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Avalanche catches skiers on B.C. mountain

Click on the photo to watch videos about avalanches and how to prepare for the threat
Click on the photo to watch videos about avalanches and how to prepare for the threat

Lisa Varano, staff writer

January 16, 2011 — The risk of avalanche has been pushed to the extreme level in British Columbia.

Extreme avalanche risk for Glacier Park, BC
Extreme avalanche risk for Glacier Park, BC

An avalanche at a southeastern British Columbia ski resort has caught seven people, injuring one skier's leg.

The avalanche happened on an expert ski run on the inbound area of Fernie Alpine Resort on Saturday. The seven people on the run were not completely buried by the avalanche, which was 30 metres wide and one metre deep.

Avalanche conditions have been lifted to the “extreme” level in Glacier Park, British Columbia. The risk in other parts of B.C. and Alberta is marked as “very dangerous,” says the Canadian Avalanche Centre (CAC). Backcountry skiers and snowmobilers should be especially cautious.

A series of lows over the weekend could add to the unstable snowpack and, therefore, the avalanche risk remains high in both B.C. and Alberta.

The high avalanche risk is also affecting traffic in the region. Several highways have been temporarily closed because of the threat of avalanches.

It was just last weekend when the CAC issued its first Special Public Avalanche Warning of the year. It was issued on Friday, January 7 and covered B.C.'s South Coast and Southern Interior. It stayed in place until Monday, January 10 when the risk was then lowered to considerable.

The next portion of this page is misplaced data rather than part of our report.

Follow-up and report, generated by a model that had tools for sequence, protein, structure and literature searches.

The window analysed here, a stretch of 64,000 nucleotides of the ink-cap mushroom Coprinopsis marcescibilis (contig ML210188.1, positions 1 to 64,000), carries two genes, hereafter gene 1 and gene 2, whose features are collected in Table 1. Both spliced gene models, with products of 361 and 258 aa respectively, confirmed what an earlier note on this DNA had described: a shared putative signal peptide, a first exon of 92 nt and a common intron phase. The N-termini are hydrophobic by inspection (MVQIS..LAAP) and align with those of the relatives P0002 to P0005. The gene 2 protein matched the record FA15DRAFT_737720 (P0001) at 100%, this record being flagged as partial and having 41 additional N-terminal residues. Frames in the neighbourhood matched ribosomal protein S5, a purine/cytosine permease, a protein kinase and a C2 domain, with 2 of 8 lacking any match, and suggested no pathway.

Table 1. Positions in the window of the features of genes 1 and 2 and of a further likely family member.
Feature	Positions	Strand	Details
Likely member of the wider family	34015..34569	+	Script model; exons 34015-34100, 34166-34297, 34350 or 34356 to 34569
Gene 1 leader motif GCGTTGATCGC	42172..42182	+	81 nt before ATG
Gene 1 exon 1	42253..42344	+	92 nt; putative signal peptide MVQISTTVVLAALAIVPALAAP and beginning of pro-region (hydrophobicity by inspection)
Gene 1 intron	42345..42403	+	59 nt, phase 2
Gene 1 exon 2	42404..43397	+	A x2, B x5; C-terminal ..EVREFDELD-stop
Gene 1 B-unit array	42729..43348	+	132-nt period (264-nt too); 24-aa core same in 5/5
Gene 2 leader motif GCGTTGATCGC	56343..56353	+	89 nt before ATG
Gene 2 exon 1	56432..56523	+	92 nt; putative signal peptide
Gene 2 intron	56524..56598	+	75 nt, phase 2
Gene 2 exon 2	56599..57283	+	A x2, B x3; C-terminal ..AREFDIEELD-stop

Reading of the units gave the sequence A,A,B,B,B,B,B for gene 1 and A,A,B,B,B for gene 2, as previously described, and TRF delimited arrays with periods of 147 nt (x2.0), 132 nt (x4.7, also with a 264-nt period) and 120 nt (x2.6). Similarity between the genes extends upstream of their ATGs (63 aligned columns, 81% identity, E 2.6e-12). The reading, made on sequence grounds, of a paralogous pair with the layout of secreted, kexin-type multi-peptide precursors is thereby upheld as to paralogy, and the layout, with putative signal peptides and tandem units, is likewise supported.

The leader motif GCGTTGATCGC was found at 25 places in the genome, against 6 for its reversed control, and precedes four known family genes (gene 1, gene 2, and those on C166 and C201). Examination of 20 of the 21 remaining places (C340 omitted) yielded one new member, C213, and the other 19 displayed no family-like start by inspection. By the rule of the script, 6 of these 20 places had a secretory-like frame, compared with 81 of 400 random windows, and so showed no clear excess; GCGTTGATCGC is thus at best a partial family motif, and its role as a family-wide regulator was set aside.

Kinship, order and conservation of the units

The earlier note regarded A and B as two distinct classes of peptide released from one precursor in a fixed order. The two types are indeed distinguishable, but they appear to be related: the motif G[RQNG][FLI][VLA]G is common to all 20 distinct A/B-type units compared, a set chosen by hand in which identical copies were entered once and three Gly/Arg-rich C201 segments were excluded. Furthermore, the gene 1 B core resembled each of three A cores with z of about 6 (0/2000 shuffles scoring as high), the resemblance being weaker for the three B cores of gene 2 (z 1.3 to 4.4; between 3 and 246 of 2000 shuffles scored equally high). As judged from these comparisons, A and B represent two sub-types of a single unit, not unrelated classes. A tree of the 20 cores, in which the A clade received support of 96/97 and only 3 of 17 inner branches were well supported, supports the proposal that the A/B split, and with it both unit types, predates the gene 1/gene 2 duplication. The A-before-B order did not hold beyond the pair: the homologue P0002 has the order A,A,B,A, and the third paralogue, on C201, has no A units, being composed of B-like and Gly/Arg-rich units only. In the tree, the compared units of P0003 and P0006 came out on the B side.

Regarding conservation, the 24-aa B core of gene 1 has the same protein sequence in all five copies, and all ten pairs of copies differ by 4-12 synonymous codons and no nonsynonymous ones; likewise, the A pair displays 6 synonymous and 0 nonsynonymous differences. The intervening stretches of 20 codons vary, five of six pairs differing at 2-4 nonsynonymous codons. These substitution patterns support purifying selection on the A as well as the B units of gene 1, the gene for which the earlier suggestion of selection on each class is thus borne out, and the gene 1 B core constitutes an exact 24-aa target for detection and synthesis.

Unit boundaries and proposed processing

“We issue these when there's an increased risk of avalanche accidents,” says John Kelly with the Canadian Avalanche Centre.

Kelly says a recent Pacific system brought more than a metre of fresh snow to the mountains. “The snowpack is now at the prime state for recreationists to get out and so now a lot more people are exposed to the danger. When the storm ends, people often think the avalanche problem has ended too...and they may be actually recreating in places where it is a little bit too dangerous to go,” explains Kelly.

Rain, not snow, on the Lower Mainland
Rain, not snow, on the Lower Mainland

To survive avalanche season, anyone who ventures into remote areas should know how to recognize dangerous terrain, the avalanche centre advises.

While heavy snow is falling at high elevations, particularly in the B.C. Interior, other parts of the province are being soaked with heavy rain.

“During La Niña, B.C. does get a lot of low pressure systems. Whether it's rain or snow depends on the temperatures,” says Dayna Vettese, a meteorologist at The Weather Network.

With files from Andrea Stockton

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